Although not expected to be a great comet like the famous Hale-Bopp, Comet Wirtanen should be easy to spot without optical aide from a dark observing site. Forecasts estimate the comet will achieve fifth magnitude or better by mid-December. Three other small and much dimmer comets will also grace December skies for telescope observers. Comets Atlas, Stephan-Oterma and Swift-Gehrels will shine at between ninth and tenth magnitude in the evening skies. Come to the Morgan Observatory on Dec. 13 to see these comets, weather permitting.
December brings the seldom observed Geminds Meteor Shower, a rival of the August Perseids shower. Cross your fingers for clear nights on Dec. 12 to 14 to see dozens of Geminid meteors zip across the night sky. The Geminids are forecast to peak at 4:30 a.m. on Dec. 14, but our 100 valleys of the Umpqua are notorious for foggy mornings. If we do get a clear morning on Dec. 14, about 100 meteors are expected between 4:30 and 5:30 a.m. Bundle up, since fog-free December mornings can be very chilly.
Perhaps a better strategy to enjoy the Geminids in the Umpqua Valley is to forego peak predawn rates. Geminids will be streaking across the sky as early as 9 p.m. Look toward the northeast or southeast after 9 p.m. to spot 30 or 40 meteors per hour. A fat crescent moon will be low in the night sky until 11 p.m., but it will be easy to block for early observing. A Geminids observing session will be hosted at the Morgan Observatory starting at 8p.m. if skies clear.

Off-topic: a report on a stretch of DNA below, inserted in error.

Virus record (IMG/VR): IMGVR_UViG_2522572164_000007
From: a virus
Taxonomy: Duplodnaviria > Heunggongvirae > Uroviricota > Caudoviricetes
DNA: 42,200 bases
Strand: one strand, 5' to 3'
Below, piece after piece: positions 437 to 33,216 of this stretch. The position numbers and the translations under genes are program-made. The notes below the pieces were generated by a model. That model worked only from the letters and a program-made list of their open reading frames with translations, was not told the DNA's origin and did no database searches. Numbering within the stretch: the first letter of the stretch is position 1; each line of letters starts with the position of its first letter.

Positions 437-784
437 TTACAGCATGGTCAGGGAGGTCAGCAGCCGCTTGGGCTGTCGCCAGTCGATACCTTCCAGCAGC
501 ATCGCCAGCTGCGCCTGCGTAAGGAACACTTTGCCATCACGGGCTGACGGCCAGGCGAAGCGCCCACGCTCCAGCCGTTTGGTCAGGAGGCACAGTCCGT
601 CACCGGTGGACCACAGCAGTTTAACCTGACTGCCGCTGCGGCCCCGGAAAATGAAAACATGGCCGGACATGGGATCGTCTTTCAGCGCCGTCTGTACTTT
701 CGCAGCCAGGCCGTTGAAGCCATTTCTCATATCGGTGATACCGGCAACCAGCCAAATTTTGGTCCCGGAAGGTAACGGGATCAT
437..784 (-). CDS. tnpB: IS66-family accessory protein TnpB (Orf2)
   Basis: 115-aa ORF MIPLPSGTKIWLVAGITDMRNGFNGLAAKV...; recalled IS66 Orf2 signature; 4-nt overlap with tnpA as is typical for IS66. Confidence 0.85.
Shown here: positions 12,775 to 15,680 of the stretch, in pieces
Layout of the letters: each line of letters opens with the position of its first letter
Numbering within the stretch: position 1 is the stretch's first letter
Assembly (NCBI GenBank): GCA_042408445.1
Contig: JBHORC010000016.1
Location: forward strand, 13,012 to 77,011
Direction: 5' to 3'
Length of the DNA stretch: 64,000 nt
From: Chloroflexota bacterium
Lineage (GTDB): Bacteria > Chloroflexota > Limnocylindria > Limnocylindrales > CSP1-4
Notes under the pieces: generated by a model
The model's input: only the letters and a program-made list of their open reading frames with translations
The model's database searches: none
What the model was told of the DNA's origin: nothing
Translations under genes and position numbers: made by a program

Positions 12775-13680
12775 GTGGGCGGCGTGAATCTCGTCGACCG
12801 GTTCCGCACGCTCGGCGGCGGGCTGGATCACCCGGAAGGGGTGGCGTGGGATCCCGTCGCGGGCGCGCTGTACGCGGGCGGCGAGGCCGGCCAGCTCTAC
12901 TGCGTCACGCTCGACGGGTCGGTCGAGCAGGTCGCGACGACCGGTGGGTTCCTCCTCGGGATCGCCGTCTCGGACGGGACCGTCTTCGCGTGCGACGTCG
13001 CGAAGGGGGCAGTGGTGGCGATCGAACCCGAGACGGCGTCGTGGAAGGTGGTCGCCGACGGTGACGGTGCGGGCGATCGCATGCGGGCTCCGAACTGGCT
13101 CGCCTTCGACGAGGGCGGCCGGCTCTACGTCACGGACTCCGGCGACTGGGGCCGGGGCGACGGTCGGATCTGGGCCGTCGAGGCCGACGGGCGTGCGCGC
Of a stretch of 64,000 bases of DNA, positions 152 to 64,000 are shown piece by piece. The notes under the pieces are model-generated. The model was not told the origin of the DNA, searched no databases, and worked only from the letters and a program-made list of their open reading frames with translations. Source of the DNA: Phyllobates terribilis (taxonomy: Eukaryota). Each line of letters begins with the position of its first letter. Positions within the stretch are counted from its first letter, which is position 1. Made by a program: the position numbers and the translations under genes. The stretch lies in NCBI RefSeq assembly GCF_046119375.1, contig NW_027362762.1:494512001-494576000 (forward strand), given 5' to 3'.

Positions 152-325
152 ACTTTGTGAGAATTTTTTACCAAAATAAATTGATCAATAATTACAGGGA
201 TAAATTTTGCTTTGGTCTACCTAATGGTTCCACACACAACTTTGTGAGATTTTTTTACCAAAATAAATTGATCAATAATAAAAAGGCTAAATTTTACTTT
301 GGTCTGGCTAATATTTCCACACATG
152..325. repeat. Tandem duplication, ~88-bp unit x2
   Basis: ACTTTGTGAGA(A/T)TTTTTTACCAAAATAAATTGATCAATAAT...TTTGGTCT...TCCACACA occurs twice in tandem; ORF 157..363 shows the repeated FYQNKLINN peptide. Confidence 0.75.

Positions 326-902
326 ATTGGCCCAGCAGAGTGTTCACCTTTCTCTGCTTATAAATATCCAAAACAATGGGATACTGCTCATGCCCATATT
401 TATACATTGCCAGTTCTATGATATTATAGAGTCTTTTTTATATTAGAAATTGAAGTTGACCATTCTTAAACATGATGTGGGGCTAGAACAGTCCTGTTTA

Asteroid Juno was discovered in 1804 and was once considered the sixth planet from the sun until 1845. It will make a rare close encounter with Earth this month. This will be the closest opposition of Juno in 13 years and will not be equaled until 2060. Juno can be found in the constellation Eridanus at 7.6 magnitude tonight, and the 73 mile-wide asteroid will slowly fade to 8.1 by January 2019. Until late December, Juno will outshine the planet Neptune and can be seen in binoculars. Look to the lower left of Menkar (Alpha Ceti) by about 10 degrees to seek Juno. A star chart will reveal Juno’s position.
Paul Morgan Observatory at UCC
Come to the observatory on the evening of Dec. 13 at 8 p.m. to observe the annual Geminid Meteor Shower, Comet Wirtanen and much more. Please check the observatory website at umpqua.edu/observatory for updates.
A special short video program will be offered if skies are cloudy. Observatory seating is limited, and parking is available near the Tower Building at UCC. All events are offered without charge. Dress warmly, as the nights can be very chilly at the observatory.
Umpqua Astronomers Meeting — January 2019
Come on 7 p.m. Jan. 8 to UCC Wayne Crooch Hall, Room 18, for the Umpqua Astronomers January 2019 meeting. Club news, monthly sky events and astronomy news will be presented. The astronomical events for 2019 will be discussed. Everyone interested in astronomy is welcome. Newcomers to astronomy are invited to a special pre-meeting at 6:30 p.m. to ask questions and learn about beginning astronomy. For more information visit, umpquaastronomers.org or call 541-673-1081.